Long ago, over east of Picuris, where the houses were by the river there was a medicine ceremony. There were many people there and they danced. When it was over the Apache moved their camp to the top of the mountain. Their camp was at DziLdzenadzisgaye for some time, after which they moved to Cimarron. From there they camped in succession at Mik'egojîye, "black dried lake", at Tcôncjadzôye, "small pines", at DeLdîLnîye, "cranes make a noise," at K'ekôntsôye bîjaye, "small yellow spot", and at TseLgaiye, (white rock). From there one of the Ute who had their camp at Cimarron went to the town to buy whisky in canteens.
The enemy, coming from the east, met him and he commenced to fight with them although he was alone. The Apache and the Ute knew it although they were drinking whisky. His people came to him where they were fighting on the Canadian River. Just as they came there, he was shot through the chest. He caught hold of the horse's neck and fell. Someone untied his medicine which he was wearing across his chest. The Ute spit blood and sat up. They put the medicine in his mouth four times with a spear of grama grass.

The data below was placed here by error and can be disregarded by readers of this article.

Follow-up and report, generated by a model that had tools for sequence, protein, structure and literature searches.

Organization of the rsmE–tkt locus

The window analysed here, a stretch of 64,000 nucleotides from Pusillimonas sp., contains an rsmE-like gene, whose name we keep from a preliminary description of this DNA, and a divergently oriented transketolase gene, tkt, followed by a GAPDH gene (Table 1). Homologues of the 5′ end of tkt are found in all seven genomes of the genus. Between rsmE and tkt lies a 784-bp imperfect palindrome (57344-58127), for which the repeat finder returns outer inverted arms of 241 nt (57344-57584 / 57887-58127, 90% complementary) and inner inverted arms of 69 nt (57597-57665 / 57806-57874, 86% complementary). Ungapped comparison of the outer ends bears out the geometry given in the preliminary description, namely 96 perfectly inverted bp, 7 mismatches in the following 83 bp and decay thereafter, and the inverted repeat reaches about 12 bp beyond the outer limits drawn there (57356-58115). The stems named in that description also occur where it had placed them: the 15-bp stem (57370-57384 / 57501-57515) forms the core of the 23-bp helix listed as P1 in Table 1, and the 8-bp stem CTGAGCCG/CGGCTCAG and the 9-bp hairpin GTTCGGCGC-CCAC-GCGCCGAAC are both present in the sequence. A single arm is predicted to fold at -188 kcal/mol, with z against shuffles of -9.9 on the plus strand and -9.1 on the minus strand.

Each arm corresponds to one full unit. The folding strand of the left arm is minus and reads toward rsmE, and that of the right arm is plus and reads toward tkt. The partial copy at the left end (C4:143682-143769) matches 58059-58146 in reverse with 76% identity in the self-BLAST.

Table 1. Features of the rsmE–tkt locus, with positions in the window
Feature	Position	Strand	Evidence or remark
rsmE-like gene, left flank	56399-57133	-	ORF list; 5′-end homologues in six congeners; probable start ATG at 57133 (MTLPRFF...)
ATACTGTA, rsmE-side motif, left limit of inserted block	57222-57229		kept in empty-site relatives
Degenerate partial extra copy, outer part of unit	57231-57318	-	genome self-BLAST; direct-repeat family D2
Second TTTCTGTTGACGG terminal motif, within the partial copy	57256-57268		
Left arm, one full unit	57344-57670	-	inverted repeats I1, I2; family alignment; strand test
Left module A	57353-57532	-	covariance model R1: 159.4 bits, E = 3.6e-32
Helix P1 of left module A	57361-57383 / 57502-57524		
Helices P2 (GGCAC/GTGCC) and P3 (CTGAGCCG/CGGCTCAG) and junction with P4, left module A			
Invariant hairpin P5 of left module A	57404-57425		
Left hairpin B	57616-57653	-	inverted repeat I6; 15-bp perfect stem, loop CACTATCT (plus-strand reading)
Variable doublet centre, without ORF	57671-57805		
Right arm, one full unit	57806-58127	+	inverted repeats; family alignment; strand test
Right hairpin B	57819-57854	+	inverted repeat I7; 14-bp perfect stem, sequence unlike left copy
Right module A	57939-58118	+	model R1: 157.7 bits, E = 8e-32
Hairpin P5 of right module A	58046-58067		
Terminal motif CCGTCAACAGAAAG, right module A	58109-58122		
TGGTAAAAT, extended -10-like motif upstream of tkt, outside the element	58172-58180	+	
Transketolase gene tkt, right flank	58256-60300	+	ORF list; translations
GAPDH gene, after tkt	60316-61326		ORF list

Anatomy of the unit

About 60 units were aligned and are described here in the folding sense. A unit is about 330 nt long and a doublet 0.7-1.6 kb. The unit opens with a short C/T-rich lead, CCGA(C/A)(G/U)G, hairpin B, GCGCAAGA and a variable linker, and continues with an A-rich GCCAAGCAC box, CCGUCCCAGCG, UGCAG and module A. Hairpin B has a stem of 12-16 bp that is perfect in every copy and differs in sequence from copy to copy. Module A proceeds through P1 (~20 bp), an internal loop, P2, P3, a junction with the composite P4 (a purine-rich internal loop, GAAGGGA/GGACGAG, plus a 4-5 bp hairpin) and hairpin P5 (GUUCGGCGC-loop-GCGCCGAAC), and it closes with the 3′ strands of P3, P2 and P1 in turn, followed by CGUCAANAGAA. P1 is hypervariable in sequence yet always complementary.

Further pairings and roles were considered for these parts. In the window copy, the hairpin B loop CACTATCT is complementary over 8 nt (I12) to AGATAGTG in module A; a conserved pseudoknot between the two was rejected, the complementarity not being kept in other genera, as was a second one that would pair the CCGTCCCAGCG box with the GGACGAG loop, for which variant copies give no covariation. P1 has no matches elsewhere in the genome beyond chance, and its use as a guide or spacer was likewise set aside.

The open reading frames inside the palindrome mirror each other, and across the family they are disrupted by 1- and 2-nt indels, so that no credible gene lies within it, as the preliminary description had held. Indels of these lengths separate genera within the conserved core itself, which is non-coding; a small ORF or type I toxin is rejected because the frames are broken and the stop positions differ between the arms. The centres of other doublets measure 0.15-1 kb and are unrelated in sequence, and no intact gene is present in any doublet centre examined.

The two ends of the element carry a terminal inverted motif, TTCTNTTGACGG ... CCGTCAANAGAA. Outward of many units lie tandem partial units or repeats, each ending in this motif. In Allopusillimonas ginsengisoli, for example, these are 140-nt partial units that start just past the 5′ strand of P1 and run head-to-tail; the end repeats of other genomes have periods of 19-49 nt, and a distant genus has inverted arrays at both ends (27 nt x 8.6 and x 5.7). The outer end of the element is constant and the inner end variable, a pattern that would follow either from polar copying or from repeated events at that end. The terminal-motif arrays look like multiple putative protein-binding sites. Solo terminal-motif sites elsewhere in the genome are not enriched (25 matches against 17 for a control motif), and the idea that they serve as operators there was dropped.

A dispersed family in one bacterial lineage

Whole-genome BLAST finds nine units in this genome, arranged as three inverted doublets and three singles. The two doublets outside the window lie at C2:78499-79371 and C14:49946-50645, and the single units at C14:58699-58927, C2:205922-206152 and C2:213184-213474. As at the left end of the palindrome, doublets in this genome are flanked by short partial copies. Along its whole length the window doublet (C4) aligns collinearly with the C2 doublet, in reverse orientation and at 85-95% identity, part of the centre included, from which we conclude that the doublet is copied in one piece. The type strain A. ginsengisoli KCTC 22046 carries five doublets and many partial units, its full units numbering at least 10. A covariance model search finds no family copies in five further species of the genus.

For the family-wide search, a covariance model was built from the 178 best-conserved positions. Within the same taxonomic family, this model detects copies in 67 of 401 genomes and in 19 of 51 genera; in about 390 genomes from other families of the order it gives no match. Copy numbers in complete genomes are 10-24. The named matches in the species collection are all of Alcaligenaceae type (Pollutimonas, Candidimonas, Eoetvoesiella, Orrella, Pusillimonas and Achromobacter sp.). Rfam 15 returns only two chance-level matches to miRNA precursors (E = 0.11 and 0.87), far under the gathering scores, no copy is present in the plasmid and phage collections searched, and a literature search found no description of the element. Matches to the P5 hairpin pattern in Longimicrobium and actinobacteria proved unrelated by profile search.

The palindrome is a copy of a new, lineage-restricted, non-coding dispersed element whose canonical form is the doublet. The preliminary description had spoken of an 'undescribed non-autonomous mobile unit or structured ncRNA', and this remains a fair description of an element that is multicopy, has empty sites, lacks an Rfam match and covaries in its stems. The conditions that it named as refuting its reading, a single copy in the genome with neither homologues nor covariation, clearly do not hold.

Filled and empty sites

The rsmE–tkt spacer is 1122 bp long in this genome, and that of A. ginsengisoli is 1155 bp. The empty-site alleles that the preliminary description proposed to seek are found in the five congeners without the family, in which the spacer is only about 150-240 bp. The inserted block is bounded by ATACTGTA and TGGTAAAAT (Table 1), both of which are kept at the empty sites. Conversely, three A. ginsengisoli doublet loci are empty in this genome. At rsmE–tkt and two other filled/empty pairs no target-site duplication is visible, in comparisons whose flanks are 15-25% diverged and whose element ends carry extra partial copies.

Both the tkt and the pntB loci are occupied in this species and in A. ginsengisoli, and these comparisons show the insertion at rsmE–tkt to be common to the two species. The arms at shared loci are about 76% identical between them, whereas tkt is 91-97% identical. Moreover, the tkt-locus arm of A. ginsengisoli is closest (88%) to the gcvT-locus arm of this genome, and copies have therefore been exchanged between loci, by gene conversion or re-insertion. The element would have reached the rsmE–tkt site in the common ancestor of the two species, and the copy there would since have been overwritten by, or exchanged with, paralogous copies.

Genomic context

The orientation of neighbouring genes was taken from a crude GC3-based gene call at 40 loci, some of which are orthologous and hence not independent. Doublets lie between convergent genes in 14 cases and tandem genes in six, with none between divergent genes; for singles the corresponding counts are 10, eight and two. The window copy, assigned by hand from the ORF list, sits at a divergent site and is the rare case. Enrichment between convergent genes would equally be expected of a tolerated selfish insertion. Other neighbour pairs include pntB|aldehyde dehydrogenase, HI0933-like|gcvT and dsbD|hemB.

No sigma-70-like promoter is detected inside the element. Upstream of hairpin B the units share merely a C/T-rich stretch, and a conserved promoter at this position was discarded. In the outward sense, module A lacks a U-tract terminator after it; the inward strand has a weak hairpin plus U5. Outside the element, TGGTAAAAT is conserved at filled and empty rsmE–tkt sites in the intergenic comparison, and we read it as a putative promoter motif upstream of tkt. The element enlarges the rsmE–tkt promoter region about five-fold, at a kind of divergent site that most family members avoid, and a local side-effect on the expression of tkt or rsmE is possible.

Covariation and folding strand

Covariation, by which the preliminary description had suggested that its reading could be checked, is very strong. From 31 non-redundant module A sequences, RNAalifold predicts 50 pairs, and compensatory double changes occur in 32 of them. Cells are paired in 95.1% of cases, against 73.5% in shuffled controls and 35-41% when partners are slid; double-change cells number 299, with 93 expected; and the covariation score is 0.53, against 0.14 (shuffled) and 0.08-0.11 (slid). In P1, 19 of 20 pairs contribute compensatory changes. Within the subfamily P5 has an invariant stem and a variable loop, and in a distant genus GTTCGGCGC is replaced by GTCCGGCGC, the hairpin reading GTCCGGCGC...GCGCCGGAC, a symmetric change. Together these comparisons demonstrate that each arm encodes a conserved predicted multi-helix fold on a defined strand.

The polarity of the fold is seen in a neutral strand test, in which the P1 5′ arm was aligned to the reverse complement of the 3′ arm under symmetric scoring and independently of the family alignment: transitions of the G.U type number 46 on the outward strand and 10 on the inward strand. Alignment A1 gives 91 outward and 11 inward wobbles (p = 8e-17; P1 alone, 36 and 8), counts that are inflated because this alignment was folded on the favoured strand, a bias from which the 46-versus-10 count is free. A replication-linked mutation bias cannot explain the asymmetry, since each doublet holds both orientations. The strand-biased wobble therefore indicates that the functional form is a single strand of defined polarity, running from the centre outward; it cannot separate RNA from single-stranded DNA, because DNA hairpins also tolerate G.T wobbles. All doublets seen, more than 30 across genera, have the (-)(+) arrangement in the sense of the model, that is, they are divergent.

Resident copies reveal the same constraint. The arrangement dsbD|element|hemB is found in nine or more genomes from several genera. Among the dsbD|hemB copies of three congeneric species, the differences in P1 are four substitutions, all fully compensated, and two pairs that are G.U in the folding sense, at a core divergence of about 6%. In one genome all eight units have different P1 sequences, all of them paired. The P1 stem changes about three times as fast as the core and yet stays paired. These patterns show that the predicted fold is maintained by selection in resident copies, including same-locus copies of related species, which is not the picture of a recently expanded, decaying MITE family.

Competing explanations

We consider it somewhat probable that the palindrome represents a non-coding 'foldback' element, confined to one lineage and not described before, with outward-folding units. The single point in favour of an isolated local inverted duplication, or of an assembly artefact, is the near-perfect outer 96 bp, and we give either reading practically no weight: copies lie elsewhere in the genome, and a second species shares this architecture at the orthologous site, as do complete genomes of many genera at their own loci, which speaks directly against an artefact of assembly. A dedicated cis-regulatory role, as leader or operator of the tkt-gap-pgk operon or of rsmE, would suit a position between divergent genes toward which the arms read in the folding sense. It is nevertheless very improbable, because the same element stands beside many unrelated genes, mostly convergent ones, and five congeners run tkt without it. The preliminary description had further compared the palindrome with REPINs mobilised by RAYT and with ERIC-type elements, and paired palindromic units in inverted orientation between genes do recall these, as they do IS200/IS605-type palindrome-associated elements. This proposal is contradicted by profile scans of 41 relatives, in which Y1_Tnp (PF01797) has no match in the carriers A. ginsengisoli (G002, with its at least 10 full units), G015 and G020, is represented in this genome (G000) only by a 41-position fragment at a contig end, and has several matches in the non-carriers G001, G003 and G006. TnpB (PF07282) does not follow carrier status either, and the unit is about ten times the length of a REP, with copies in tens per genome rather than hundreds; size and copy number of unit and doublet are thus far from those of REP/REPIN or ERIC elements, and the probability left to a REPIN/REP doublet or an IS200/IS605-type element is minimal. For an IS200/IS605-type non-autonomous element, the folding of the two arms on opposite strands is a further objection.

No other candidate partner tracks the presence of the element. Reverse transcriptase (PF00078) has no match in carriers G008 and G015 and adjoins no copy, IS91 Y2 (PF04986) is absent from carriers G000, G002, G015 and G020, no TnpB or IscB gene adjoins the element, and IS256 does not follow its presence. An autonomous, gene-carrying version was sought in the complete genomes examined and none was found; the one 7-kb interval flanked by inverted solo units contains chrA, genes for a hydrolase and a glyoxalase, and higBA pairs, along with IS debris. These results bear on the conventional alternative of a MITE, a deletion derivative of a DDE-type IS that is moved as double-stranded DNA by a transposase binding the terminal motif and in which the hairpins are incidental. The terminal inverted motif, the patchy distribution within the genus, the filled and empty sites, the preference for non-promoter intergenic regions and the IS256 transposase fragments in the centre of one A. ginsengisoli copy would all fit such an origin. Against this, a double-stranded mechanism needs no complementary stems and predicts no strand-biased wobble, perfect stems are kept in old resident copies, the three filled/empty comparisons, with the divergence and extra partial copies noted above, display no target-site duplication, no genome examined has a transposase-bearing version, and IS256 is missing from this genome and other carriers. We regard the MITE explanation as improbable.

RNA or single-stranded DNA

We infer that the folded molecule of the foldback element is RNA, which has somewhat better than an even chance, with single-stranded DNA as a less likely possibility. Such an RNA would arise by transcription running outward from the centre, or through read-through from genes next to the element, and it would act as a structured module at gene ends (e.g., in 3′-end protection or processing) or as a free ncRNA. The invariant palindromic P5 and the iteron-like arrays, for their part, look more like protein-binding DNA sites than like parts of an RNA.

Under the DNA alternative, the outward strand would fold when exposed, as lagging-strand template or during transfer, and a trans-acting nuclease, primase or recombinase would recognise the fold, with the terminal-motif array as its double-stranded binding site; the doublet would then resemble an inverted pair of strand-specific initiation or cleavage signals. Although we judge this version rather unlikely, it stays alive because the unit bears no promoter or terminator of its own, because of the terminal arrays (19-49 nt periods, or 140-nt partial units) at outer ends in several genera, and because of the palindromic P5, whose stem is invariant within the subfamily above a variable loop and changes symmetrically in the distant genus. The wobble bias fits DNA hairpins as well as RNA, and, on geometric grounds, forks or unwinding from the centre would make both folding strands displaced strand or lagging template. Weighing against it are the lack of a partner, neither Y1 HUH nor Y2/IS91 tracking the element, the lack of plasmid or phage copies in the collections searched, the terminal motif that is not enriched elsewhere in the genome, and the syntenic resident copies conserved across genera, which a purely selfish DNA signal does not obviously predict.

"Now fill a pipe for me," he said. They filled the pipe for him and he smoked. The blood stopped flowing. They tied a cloth around his chest. He sat there.
They went after the enemy. One was killed on the banks of the Canadian River. They continued fighting as the enemy withdrew eastward. They threw away their weapons and clothing, even their breech cloths. The Apache took much of their property including many horses and brought them back with them. They danced with the scalp.